In the wake of Janus, we can expect that there will be efforts to expand First Amendment protections for private-sector dues payers. In order for these efforts to be successful, the Supreme Court would need to overrule decades of case law upholding union security clauses limited to agency fees in the private sector. It will no doubt take many years for challenges to mandatory union security clauses in the private sector to filter through the court system.
A Weakening Of Unions Across The Board
There has been tremendous growth in public sector unionization in the past 25 years. This rapid growth stands in stark contrast to a dramatic decline in private sector unionization in the same time period. Many unions represent both public employees and private employees, often within the same union local. Certainly, unions have used increased dues obtained from public employees to offset dues losses in the private sector, and also to fund organizing efforts in the private sector. Likewise, unions have used dues obtained from public employees to engage in political lobbying and to pass local and state legislation that affects private employers. Janus will undoubtedly diminish the flow of public employee funds into union coffers. The loss of funding may serve to weaken union strength across the board, including for private employers.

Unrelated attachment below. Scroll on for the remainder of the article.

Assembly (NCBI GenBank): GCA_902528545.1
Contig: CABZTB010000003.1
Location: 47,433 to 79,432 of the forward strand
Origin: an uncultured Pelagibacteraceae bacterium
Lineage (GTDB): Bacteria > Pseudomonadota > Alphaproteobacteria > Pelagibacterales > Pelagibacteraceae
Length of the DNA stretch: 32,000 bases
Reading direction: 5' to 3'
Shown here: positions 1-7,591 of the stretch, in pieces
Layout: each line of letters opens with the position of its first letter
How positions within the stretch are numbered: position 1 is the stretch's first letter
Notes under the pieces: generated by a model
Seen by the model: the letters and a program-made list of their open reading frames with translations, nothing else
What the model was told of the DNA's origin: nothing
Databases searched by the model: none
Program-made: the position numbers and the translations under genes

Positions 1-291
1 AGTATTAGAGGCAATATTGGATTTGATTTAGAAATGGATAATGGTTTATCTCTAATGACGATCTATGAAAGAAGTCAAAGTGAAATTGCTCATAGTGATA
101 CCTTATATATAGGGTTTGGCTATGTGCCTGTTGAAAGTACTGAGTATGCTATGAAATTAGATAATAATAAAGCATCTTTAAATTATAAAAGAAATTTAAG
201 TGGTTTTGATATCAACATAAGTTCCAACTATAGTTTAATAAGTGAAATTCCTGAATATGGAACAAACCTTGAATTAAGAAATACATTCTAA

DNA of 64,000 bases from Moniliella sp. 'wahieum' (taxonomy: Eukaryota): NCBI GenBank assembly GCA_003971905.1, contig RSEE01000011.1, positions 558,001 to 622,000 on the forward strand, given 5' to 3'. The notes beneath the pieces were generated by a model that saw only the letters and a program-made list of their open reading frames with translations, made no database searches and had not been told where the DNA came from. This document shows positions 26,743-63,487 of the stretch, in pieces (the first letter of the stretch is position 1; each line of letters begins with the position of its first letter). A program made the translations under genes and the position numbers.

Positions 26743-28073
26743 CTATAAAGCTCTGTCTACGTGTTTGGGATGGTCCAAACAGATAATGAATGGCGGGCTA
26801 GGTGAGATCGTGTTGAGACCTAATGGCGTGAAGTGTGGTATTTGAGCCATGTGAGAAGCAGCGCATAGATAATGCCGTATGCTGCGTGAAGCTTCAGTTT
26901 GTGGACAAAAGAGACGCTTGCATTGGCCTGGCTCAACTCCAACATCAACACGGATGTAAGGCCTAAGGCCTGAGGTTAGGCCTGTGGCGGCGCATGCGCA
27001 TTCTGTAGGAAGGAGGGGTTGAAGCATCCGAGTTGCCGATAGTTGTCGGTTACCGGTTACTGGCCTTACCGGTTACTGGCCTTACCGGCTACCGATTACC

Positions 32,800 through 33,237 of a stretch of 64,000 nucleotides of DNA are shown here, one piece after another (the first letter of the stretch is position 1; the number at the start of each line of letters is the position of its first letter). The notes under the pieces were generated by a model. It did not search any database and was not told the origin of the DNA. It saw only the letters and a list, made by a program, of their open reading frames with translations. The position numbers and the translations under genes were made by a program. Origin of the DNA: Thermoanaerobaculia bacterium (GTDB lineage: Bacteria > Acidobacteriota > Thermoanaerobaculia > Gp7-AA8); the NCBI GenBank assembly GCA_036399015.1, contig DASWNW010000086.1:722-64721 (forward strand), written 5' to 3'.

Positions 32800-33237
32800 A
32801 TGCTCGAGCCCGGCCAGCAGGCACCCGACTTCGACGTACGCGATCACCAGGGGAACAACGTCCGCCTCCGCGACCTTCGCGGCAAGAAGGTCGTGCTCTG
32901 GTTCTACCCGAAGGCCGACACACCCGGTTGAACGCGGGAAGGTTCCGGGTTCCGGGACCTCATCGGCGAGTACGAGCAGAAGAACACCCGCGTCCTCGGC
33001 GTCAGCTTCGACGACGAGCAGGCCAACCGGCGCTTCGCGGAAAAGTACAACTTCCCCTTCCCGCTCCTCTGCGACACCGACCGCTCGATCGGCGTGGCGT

Specific Guidance For Private Sector Employers
Unionized employers in the private sector should understand that Janus does not impact their labor contracts. Private sector employers must continue to abide by existing union security agreements. However, the publicity of the Janus decision may encourage more employees in the private sector to exercise Beck objector rights, cancel their union membership, or to rescind their dues check-off authorizations. If this happens, employers should understand that there are specific rules and time periods for when employees can terminate their union membership or rescind their dues check-off authorizations. Employers should consult with their legal counsel for specific guidance. In addition, private sector employers should be on the lookout for further litigation efforts to expand Janus, either in whole or in part, to private-sector employment.
Other AALRR Blogs
- Widespread Efforts to Organize Require Employer Preparation
- How to Ensure Your Employee Handbook Does Not Infringe on Union Rights
- Changes at NLRB forecast major challenges ahead for employers and expansion of rights for employees and labor unions
- The Future of Work (And Workforce Enforcement)
- NLRB Policy Shakeup: President Biden’s Notable Changes at the NLRB Could Signal a Change in Board Policy for Years to Come
- Labor Law Change Coming Soon in Biden Administration
- Private-Sector Employers Unaffected by the Supreme Court’s Janus Decision on Union Dues
- FAQ re Employees’ Weingarten Rights to Representation
- NLRB Vacates Its Hy-Brand Ruling on Joint Employer Liability
- U.S. Supreme Court Holds That Retirees’ Healthcare Benefits Clearly Expire When the Underlying Collective Bargaining Agreement Expires